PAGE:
Global OTEC starts testing scaled designs for PLOTEC project
UK company Global OTEC has started testing the scaled design of an ocean thermal energy conversion (OTEC) platform as part of the EU-funded PLOTEC project.
In the first half of May, Global OTEC tested a cylindrical hull OTEC structure and cold water pipe at Charlton Lido in London.
The structure is being developed under the PLOTEC consortium, an EU-funded project with seven partners across Europe collaborating to develop an OTEC platform capable of withstanding the extreme weather effects of the tropical area of the ocean, with a viable cost model, validated by a scaled demonstration.
The consortium received €3.5 million from the EU’s key funding program for research and innovation Horizon Europe, and from UK Research and Innovation (UKRI) for the scheme, which is expected to result in a physical deployment of an OTEC platform at the PLOCAN test facility in Gran Canaria in 2024.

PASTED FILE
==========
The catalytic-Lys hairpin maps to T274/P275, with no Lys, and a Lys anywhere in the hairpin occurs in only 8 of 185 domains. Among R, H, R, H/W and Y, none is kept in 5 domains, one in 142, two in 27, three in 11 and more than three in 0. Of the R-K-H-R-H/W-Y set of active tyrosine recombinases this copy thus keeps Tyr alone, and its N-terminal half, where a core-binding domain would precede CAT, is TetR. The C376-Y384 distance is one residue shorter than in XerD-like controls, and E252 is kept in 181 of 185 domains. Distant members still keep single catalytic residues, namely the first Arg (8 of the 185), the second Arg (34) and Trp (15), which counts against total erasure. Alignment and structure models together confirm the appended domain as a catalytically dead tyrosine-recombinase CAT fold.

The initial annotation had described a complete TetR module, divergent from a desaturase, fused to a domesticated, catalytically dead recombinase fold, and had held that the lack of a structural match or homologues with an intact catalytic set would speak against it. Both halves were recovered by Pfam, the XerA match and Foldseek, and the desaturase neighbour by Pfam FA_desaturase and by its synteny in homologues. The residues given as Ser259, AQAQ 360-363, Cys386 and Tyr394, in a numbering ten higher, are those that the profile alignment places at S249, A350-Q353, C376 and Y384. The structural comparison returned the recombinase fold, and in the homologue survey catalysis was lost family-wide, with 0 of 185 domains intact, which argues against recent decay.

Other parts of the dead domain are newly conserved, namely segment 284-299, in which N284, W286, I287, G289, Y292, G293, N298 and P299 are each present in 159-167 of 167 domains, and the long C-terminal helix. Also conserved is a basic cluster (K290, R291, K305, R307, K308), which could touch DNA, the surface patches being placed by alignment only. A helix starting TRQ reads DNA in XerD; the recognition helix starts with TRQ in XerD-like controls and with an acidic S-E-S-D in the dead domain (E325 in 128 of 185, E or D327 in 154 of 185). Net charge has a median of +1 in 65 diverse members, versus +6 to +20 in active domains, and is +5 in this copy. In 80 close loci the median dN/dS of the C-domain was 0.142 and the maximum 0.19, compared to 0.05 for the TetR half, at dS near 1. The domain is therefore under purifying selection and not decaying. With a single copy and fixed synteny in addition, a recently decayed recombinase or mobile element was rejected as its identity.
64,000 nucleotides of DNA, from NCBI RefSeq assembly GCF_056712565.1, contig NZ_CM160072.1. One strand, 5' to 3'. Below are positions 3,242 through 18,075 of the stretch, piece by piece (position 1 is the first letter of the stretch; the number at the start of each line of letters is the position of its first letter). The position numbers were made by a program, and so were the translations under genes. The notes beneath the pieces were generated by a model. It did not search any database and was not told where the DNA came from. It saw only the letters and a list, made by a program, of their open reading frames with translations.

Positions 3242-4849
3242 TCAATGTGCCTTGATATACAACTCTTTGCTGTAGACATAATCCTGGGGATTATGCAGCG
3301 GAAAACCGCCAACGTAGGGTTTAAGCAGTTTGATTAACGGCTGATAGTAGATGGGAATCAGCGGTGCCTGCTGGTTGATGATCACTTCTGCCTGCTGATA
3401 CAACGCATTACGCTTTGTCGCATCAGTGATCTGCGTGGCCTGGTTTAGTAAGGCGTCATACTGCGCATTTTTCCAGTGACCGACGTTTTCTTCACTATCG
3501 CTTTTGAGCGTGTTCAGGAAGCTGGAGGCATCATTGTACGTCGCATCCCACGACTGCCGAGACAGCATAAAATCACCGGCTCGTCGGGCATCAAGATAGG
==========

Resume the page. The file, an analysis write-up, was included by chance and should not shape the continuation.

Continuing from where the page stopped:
“This was our first experience in the water with the structure, which allowed us to crucially validate the connection point in a relevant environment. We gained some vital insights that will inform the next iteration of our design – a really important feature of research and development projects.
“This will help us to prepare before we move into a wave tank and eventually the open ocean,” said Dan Grech, the founder and CEO of Global OTEC.
OTEC takes advantage of the temperature difference between warm seawater at the surface of the ocean, and cold seawater.
The warm seawater is used to produce a vapor that acts as a working fluid to drive turbines, while the cold water is used to condense the vapor and ensure its pressure difference drives the turbine.
Aside from Global OTEC, some of the other members of the PLOTEC consortium are Cleantech Engineering Limited, WavEC Offshore Renewables, and PLOCAN.
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